On the Friday April 12th edition of Georgia Today: A senate hearing is planning on looking into delays at the US Postal Service; Atlanta Mayor Andre Dickens unveils the proposed locations for three new MARTA stations; And we’ll take a closer look at Georgia Power’s plans to close toxic coal ash ponds. 

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Peter Biello: Welcome to the Georgia Today podcast from GPB News. Today is Friday, April 12. I'm Peter Biello. On today's episode, U.S. senators are planning on looking into delays at the U.S. Postal Service. Atlanta Mayor Andre Dickens unveils the proposed locations for three new MARTA stations. And we'll take a closer look at Georgia Power's plans to close toxic coal ash ponds. These stories and more are coming up on this edition of Georgia Today.



Story 1:

Peter Biello: Georgia will receive $25 million to share with select public water utilities to help them test and begin treating drinking water with dangerous "forever chemicals." Georgia's $25 million is the state's share of $1 billion, flowing from the federal bipartisan infrastructure law, on the heels of the first ever enforceable federal standard for levels of PFAS chemicals in drinking water. PFAS, used in everything from pizza boxes to nonstick cookware to raincoats, are linked to health outcomes like cancer, heart disease and diabetes — strong chemical bonds that can persist in the environment for hundreds of years. The money is to be shared among water systems in rural and disadvantaged communities for initial testing of drinking water for PFAS chemicals. The definition of "disadvantaged" will be left up to the states. Widespread PFAS pollution has already been documented across much of Northwest Georgia.


Story 2:

Peter Biello: Georgia's method for verifying voter's citizenship status will remain in place for the 2024 election. A federal judge yesterday granted Secretary of State Brad Raffensperger motion to dismiss challenges to the verification process. Georgia uses an exact match protocol, which requires the name on the voter registration to exactly match records on file with the Georgia Department of Driver's Services or Social Security Administration. Plaintiffs argued a transposed letter, additional blank space, or missing or added hyphen or apostrophe could cause a mismatch, which would disproportionately impact African American, Latino, or Asian American voters. The advocacy groups that brought the suit argued the process violated the Voting Rights Act. This ruling in federal court follows a similar ruling in favor of Georgia's citizenship verification process and the Fair Fight Action case two years ago.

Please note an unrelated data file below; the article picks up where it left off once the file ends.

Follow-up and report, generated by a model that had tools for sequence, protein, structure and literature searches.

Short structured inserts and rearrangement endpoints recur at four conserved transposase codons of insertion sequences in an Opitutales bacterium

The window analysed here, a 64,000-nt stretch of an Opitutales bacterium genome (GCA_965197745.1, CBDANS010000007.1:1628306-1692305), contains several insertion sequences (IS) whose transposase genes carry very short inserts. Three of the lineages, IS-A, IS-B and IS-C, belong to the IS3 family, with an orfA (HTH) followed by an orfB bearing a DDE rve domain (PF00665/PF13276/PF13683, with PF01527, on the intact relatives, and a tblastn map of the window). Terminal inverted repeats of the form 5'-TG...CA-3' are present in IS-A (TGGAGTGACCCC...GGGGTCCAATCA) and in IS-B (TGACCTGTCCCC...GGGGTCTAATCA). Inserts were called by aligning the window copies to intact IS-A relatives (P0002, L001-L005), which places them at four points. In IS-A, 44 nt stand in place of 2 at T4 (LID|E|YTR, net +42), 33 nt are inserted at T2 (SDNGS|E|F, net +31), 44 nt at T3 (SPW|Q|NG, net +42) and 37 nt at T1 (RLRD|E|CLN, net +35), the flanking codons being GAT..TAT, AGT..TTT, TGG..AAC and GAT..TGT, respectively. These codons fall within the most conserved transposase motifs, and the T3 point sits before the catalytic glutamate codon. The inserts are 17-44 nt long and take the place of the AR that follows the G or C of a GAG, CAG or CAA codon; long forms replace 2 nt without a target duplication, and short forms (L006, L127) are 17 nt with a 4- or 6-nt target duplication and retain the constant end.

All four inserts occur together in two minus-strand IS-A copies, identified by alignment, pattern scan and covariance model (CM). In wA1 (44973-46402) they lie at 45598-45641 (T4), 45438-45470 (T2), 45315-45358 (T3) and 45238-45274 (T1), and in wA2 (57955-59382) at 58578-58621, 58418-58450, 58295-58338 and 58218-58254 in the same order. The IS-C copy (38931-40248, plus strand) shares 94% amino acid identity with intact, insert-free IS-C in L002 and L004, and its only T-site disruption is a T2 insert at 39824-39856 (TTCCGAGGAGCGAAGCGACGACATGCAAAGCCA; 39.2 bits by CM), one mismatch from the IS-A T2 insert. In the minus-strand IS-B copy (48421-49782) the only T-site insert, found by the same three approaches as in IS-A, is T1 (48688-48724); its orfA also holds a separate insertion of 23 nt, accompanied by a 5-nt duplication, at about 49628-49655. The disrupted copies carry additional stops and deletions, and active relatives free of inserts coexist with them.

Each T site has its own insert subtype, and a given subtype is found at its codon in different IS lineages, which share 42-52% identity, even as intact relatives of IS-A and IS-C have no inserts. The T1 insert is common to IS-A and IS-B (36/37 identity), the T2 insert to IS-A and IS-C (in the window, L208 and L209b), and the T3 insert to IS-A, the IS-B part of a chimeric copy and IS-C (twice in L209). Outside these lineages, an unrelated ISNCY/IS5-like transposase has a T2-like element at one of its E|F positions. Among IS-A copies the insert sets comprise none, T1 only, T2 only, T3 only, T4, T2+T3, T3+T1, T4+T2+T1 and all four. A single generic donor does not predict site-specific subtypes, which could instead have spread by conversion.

Story 3:

Peter Biello: Earlier this week, Atlanta-based Norfolk Southern settled a class action lawsuit out of East Palestine, Ohio, agreeing to pay back some of the victims of a devastating train derailment last year. The crash also pushed the company to further invest in safety. GPB's Sofi Gratas has more from Jackson, the latest place to get new technology that's part of a nationwide safety project in partnership with Georgia Tech's research institute.

Sofi Gratas: Every time a train goes through this point on this rail line between Atlanta and Macon, 38 cameras mounted on an arced station light up, making 1,000 images above, around and below the train. About 19 trains come through here every day. John Fleps is with Norfolk Southern.

John Fleps: So it's looking for fatigue cracks. It's looking for conditions that are starting to wear down. If we can find that before it fails, it saves a whole lot of potential risk down the road.

Sofi Gratas: Using AI, photos with alerts get sent to a hub in Atlanta. And if there's a problem, inspection teams are notified along tracks statewide. This is the third digital train inspection portal installed. The first two were installed last October near the site of the crash in East Palestine. For GPB News, I'm Sofi Gratas in Jackson.


Story 4:

Peter Biello: Another incarcerated man has died at Fulton County Jail. Travis Landry was found unresponsive in his cell on Wednesday. The preliminary cause of death is suicide. The Atlanta Police Department is conducting an investigation, and the Fulton County Medical Examiner's Office will perform an autopsy. The Fulton County Jail has long faced allegations of unsafe conditions and overcrowding. Landry's death follows that of another incarcerated man who was stabbed last week. The first two months of 2024 were the worst first two months of a year for violent deaths in Georgia prisons since modern recordkeeping began in 2015. There were twice the number of homicides and suicides by the end of February, as compared to the same time frame last year.